Knowing when to price high and when to price low

Knowing when to price high and when to price low

Knowing when to price high and when to price low

Understanding your market, your product offering and the value you bring will help you determine your pricing.

I often get asked by my Virtual Assistant coaching students on how they should price their services. So it’s appropriate then that we go through it here as well.

Who is your customer?

Do you know who are your customer is? It is vital that you understand your target market, the way they think, where they hang out socially, the kind of support they require. If you don’t know any of these stats, it’s going to be very difficult to position yourself in the market and ultimately price your services just right. Knowing your customer will ensure that you can peg your service offering at a higher mark, as you’ll be able to speak to that level of customer directly purely because you know the above stats.

What value does your service bring?

Showing your customer off the bat the level of value you bring to their account will immediately ensure your foot in the door. If there’s absolutely no question or doubt in your prospect’s mind then your so called high fee is justified and you’re off to a great start. But know the value you bring. Say it, know it, understand it.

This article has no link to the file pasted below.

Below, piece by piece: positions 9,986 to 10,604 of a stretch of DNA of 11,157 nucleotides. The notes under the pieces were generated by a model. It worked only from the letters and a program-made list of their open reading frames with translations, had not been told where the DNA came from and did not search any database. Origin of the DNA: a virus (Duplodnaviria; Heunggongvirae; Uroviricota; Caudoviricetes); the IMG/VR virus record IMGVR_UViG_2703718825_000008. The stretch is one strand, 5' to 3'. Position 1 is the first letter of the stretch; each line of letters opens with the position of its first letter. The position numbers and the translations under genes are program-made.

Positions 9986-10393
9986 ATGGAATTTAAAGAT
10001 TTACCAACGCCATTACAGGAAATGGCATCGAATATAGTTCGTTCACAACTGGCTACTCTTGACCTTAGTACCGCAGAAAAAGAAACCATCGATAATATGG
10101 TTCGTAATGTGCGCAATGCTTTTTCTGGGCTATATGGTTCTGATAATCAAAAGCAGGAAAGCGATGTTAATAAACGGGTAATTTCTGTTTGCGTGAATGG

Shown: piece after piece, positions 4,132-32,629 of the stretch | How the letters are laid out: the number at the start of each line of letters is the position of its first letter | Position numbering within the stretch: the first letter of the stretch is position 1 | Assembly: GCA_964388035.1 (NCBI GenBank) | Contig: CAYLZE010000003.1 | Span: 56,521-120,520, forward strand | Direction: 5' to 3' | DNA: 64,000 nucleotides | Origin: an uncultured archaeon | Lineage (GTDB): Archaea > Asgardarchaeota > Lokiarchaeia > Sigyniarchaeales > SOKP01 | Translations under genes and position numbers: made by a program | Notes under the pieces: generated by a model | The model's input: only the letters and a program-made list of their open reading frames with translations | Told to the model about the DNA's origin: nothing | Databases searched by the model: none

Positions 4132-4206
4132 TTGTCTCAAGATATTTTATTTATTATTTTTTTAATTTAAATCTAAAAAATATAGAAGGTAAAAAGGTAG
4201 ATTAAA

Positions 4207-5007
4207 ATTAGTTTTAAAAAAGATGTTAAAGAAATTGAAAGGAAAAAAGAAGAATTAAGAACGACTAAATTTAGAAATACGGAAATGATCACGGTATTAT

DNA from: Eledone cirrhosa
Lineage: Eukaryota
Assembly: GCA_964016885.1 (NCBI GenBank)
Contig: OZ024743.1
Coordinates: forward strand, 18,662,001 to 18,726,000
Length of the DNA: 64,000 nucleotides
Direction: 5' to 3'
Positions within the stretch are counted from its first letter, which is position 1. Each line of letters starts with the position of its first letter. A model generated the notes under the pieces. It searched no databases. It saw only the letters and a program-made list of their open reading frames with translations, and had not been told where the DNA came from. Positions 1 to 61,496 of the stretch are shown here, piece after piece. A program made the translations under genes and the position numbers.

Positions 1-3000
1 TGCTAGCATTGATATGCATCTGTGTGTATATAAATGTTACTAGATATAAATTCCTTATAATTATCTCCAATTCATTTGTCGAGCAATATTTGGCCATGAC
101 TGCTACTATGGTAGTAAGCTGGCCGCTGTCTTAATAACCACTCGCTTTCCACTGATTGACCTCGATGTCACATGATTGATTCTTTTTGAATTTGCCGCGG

What kind of choices do you offer your customer?

You can offer an entry level service for instance, where you only respond to emails, update calendar entries and capture data. Or you can offer the full monty, and be everything a conventional PA would offer to a C-level executive. With choices (different packages) you can offer your services to quite a few different verticals of customer base.

How much are your competitors charging?

This is a good indication of what your audience is willing to pay. Some Virtual Assistants completely undervalue themselves by charging R50 per hour, and then you’ll find VA’s offering their support at R450 per hour. Ask yourself, how is it possible to charge R450 per hour? What kind of marketing strategy should I have in order to compliment this? Who is my ideal audience that would be willing to pay that amount? Don’t undervalue yourself and by doing so do yourself in. Peg your price high and bring value to the table.

Conclusion

When calculating your price points, know who your target market is, understand their pain and know the level of value your service offering will bring them to ease their day and diminish the pain they are experiencing. The more valuable you become to your customer the more difficult it is for them to walk away.

Know your market, understand your strengths and make it work for you!